Late in 2015, Neha Tanwar (pronounced Tuvv-ur) made a triumphant comeback into the Delhi women’s senior cricket team for the 2015-16 season.
I use the word ‘triumphant’ subjectively here. A year earlier in October 2104, Tanwar had given birth to a baby boy they named Shlok. But cricket, which she played for India in a brief international career, had driven her back to the field. She had shoved past the stereotyping in Indian society, where a mother’s job is to take care of her child after birth. She had soldiered through a battle with own weight: she had put on more than 20 kilos of weight during her pregnancy, and through good old-fashioned hardwork, shed 18 of them by the time she appeared for state team trials, in a journey that is documented here.
But that was where the fairytale ended. Her form with the bat that year would not even have gotten a mention in the footnotes of a season review; 17 runs from four innings in the one-day format, and three runs in as many innings in the T20s. She had triumphed against bigger demons; society and her own body, but could not master the bowlers she was competing against.
In 2016-17, Neha Tanwar had a triumphant season for the Delhi women’s senior cricket team.
I say ‘triumphant’ objectively here. She scored 201 runs in five innings at an average of 67, and finished in the top five run-getters in the one-day competition, despite playing fewer games than three of the top five. In the T20s, she averaged 24, at a strike rate of more than 86 from six innings.
All this, after barely making it into the state team, and not being considered good enough for the starting XI in the first two games.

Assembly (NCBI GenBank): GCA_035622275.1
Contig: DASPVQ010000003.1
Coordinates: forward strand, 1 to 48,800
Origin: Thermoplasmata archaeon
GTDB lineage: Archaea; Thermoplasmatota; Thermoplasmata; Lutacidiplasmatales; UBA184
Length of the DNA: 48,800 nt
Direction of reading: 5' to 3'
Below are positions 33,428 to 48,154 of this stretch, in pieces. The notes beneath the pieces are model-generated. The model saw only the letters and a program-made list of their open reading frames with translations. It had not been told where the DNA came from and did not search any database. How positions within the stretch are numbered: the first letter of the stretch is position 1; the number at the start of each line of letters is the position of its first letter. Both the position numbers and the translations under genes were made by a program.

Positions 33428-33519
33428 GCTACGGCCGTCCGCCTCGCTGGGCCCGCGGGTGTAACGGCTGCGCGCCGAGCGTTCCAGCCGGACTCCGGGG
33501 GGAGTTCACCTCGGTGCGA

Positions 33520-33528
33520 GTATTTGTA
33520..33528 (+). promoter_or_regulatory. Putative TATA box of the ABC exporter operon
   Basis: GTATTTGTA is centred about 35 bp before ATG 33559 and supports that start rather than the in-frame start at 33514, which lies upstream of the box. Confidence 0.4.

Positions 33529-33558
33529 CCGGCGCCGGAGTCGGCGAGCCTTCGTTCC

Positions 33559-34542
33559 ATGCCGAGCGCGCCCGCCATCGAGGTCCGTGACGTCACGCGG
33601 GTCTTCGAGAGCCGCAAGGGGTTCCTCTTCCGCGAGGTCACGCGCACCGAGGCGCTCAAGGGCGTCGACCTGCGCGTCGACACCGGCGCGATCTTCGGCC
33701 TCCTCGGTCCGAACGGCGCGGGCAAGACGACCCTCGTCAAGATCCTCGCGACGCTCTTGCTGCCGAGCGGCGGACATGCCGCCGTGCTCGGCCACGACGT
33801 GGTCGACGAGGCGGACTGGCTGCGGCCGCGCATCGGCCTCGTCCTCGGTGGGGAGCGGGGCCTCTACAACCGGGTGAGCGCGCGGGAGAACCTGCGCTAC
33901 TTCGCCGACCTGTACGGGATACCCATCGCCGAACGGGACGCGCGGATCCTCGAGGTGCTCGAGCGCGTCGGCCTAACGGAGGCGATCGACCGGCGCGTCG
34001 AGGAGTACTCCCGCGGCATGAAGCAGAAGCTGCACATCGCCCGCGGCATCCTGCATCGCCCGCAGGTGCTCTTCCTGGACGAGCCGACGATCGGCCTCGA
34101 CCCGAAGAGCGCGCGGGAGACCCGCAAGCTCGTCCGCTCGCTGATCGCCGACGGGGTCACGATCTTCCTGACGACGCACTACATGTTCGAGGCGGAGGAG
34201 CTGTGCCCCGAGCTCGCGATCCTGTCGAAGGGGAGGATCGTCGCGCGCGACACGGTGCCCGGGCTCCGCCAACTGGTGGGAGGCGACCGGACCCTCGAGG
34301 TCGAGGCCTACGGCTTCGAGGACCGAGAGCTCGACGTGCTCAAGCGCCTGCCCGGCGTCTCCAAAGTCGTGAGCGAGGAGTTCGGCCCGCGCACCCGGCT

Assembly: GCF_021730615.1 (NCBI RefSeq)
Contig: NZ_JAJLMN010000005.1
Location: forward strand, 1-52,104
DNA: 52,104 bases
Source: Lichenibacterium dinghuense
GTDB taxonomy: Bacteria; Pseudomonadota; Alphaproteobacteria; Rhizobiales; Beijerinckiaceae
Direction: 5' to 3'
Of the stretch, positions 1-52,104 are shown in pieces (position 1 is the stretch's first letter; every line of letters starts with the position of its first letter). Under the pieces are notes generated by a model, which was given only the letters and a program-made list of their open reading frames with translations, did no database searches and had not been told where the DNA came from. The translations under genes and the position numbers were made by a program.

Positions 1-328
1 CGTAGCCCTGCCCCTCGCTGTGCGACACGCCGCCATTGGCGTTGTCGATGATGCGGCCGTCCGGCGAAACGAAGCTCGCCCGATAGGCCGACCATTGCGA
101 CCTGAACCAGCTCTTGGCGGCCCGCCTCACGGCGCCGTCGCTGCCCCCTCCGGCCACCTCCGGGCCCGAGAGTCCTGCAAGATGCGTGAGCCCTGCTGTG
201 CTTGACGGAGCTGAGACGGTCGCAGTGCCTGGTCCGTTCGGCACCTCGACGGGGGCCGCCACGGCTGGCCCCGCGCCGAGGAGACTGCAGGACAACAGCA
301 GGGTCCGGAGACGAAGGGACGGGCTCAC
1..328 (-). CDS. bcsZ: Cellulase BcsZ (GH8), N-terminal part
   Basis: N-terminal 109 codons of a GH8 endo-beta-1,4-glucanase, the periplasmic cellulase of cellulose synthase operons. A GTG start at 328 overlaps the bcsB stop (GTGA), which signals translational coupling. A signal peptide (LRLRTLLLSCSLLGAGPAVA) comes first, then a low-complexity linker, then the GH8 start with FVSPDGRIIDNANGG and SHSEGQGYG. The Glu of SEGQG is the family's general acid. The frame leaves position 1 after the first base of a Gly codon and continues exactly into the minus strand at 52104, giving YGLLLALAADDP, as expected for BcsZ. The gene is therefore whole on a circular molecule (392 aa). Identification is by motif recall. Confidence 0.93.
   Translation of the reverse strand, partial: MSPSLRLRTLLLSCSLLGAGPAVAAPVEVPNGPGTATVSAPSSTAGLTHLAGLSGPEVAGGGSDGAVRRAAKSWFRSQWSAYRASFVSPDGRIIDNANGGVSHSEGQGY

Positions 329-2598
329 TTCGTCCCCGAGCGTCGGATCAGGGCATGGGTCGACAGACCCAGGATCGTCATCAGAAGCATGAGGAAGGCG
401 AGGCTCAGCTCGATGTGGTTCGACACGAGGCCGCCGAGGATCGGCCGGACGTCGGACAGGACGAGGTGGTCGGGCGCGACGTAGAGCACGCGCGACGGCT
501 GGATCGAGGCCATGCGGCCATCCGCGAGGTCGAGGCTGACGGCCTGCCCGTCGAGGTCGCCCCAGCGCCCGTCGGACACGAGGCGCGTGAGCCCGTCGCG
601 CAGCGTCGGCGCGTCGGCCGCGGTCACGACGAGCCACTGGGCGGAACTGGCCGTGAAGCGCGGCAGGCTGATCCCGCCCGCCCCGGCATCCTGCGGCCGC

Tanwar’s preparation for the 2016-17 season was hampered by a new Railway sports policy; it curtailed the ‘time-off’ granted to sportsmen who don’t figure in the top three of the Inter-Railway Championship. It meant she had to attend the office of her employer, Northern Railway, for the entire day, instead of half the day. She had a one-and-a-half year-old at home, plus the responsibilities of helping to run the house; this meant Tanwar’s training had come almost to a standstill.
“Lagi padi thi (I was under a lot of stress). I would hurriedly eat my lunch at 12 pm, then a teammate and I would travel the four or five kilometres to Karnail Singh Stadium and hit the gym for an hour,” she told Firstpost in an interview. The gym was not supposed to be used in the afternoons, but she convinced the caretaker to open it for them, so they could get some bare minimum training in.
But then some employees were caught misusing the air conditioning in the gym to beat the Delhi heat, and it was shut down entirely. “They didn’t open it for anyone,” she said. “We met some senior officers and requested them, but they didn’t agree.”